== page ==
8. 8. 8 rd = 10.05%, See part a D/V = 74%, Market-Value Target-Leverage Ratios and Credit Spreads for Marriott and Its Divisions in Table A page 4 E/V = 26%, 100%-D/V= 74% re = rf + Beta (RP) rf = 8.95% See part a RP = 7.43%, See part a Beta = 1.623, See part c re = .0895 + 1.623(.0743), re = .2101 WACC = (1-.34)*.1005(.74) + .2101*(.26) WACC of Lodging Division = .1037, 10.37% Restaurant Division Cost of Capital WACC = (1 - T) * rd(D/V) + re * (E/V) T = 34% rd = 8.70%, See part a D/V= 42%, Market-Value Target-Leverage Ratios and Credit Spreads for E/V= Marriott and Its Divisions in Table A page 4 58%, 100%-D/V= 58% re = rf + Beta (RP) rf = 6.90% See part a RP= 8.47%, See part a Beta= 1.653, See part c re = .0690 + 1.653(.0847), re = .2090 WACC = (1-.34)*(.0870)(.42) + .2090*(.58) WACC of Restaurant Division = .1453, 14.53% a. What risk-free rate and risk premium did you use in calculating the cost of equity for each division? Why did you choose these numbers? The risk-free rate used for Marriott’s lodging division is 8.95%, which used a long-term 30 year risk-free rate. Marriott’s restaurant division has a 6.90% risk-free rate, which used a short-term 1 year risk-free rate. The values for the risk-free rates are given in Table B on page 4. The risk premium for the lodging division is 7.43%. The risk premium for the restaurant division is 8.47%. We used the spread between using 1926- 1987 periods as the market risk premium in Exhibit 5 page 10. Since the lodging division is long term, we used the spread between S&P 500 Composite returns and long-term U.S. government bond returns. Since the restaurant division is short term, we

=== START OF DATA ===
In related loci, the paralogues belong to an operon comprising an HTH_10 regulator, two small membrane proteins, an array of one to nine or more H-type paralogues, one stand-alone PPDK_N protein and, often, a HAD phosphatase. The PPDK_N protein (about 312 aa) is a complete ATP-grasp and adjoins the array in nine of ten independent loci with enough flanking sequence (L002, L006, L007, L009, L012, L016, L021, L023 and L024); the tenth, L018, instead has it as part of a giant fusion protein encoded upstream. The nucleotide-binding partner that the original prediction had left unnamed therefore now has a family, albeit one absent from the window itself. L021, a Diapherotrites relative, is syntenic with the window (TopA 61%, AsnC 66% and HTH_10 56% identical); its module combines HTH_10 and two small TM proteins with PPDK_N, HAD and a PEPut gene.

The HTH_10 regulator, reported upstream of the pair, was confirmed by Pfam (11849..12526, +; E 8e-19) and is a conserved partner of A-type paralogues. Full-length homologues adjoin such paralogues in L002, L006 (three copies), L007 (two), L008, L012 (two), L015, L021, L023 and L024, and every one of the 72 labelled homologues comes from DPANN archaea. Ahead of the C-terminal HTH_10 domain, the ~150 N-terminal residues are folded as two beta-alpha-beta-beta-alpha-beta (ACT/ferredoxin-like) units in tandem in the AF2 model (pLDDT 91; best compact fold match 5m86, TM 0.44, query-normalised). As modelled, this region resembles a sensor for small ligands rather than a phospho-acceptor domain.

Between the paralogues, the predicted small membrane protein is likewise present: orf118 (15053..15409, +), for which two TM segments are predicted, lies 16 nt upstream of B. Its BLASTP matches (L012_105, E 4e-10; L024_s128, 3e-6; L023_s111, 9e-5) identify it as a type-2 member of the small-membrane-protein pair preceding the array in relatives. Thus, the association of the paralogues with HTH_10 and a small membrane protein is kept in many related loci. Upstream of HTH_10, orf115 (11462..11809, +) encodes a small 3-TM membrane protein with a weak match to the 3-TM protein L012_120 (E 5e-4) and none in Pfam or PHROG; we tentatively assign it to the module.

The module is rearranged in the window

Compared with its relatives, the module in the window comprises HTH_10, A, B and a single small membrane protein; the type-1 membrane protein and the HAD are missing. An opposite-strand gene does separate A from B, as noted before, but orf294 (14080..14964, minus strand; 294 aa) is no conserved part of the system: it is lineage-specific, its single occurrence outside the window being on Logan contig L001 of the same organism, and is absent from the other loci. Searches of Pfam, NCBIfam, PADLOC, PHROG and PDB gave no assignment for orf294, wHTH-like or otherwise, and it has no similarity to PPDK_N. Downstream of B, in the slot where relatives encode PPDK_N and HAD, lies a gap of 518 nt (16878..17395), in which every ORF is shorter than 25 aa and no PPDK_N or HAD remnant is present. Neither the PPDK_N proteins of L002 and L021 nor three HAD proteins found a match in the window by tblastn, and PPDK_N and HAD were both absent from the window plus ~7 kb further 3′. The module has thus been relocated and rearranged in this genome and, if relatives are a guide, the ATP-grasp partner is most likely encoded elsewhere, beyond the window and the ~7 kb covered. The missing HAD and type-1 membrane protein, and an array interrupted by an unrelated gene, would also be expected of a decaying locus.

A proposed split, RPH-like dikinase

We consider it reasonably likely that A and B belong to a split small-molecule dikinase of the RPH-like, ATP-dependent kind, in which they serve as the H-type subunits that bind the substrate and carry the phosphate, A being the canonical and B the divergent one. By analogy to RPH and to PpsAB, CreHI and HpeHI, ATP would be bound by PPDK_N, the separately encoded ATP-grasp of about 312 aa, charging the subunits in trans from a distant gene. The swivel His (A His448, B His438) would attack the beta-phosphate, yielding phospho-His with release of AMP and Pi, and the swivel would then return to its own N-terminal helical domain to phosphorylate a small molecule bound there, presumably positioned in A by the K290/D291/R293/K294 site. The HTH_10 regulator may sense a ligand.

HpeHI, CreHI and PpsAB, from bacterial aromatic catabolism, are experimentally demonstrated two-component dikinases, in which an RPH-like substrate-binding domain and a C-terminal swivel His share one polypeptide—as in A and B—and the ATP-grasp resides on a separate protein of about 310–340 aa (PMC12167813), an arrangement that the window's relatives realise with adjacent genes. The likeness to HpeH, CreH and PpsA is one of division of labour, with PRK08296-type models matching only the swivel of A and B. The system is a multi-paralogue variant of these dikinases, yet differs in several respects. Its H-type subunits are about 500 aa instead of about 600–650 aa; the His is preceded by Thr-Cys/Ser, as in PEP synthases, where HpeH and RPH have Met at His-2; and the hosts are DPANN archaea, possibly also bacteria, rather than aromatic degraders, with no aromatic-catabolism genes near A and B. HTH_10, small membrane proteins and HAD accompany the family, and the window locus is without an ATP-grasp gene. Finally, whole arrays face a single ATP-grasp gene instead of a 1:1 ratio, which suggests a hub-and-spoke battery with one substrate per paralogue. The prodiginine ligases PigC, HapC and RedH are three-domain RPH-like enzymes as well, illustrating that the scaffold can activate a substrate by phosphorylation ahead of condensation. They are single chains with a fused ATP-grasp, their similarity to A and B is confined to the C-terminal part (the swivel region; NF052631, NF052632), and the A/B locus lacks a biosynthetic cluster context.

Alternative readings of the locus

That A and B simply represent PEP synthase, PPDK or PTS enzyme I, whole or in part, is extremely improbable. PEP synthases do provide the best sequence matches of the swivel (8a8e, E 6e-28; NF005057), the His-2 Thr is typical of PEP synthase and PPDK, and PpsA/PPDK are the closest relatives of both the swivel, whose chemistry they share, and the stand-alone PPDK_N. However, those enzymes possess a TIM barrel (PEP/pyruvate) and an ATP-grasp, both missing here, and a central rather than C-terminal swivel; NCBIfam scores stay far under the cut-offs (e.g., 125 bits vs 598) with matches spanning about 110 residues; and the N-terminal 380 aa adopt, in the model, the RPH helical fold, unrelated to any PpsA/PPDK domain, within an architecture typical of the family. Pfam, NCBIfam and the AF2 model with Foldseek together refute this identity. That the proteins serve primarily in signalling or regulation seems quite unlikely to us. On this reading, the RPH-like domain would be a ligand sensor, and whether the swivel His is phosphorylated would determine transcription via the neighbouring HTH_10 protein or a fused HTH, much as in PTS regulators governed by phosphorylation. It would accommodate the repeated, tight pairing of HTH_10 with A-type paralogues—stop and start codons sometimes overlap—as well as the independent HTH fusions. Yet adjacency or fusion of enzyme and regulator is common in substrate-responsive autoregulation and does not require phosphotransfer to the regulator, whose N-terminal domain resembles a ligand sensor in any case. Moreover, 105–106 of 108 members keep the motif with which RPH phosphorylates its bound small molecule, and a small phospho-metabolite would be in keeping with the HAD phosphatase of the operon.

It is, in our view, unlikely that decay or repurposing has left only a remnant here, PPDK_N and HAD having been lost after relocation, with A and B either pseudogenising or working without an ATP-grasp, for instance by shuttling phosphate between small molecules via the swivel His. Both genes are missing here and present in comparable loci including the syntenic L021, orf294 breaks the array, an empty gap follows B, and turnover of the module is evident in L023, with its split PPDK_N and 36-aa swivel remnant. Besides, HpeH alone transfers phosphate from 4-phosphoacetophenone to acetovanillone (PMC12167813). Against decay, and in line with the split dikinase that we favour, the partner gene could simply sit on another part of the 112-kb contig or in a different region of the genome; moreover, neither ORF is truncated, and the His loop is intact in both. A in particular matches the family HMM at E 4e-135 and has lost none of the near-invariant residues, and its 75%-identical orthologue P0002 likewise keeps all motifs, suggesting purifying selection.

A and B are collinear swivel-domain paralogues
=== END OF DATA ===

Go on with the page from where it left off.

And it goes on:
9. 9. 9 used the spread between S&P 500 Composite returns and short-term U.S. Treasury bill returns. b. How did you measure the cost of debt for each division? Should the debt cost differ across divisions? Why? To measure the cost of debt for each division we used, cost of debt rd = rf + spread. The risk-free rates for the lodging and restaurant divisions are 8.95% and 6.90% respectively. The risk-free rate is given in Table B page 4 based on the maturity of U.S Government interest rates, 30-year and 1-year. The spread is the debt rate premium above government in Table A page 4. The spread for the lodging and restaurant divisions are 1.10% and 1.80% respectively. The pre-tax cost of debt for the lodging division is 10.05%, 8.95%(risk-free) + 1.10(debt rate premium above government). The pre-tax cost of debt for the restaurant division is 8.70%, 6.90%(risk-free) + 1.80%(debt rate premium above government). The tax rate used is 34%, the highest corporate tax between 1986-1992. The after-tax cost of debt is (1-t) x rd. The after-tax cost of debt for the lodging division is 6.63%, (1-.34) x 10.05%. The after-tax cost of debt for the restaurant division is 5.74%, (1-.34) x 8.70%. The cost of debt should be different across each division because each division is treated as an independent company. The maturity of U.S interest rates are different for the two divisions because the lodging division uses long-term 30-year and the restaurant division uses short-term 1-year. The spread between the debt rate and the government bond rate varied by division because of differences in risk c. How did you measure the beta of each division? To measure the beta of each division you need to collect the raw equity(levered) beta and D/E of other firms in the same industry. The equity(levered) beta and market leverage of comparable firms is found on Exhibit 3 page 8. To the unlevered beta use the following formula for each firm: Bu= BL / (1+ (D/E) * (1-T)). To find the D/E, divide market leverage by 1 minus market leverage, D/E = market leverage / (1-market leverage). Once you have the D/E you can plug it into the unlevered beta formula. Once you obtain the unlevered beta for each comparable firm, get the average. Next, re-lever beta by plugging the unlevered average beta into the following formula: BL = Bu(1+(D/E) * (1-T)). To find the D/E use the debt percentage in capital for the division found in Table A page 4. To get D/E from debt percentage in capital use the following formula: D/E= debt % / (1- debt %). Now the unlevered(asset) beta can be re- levered(equity) beta using: BL = Bu(1+(D/E) * (1-T)). Note the tax rate is 0 since there is no information of tax rates for other firms.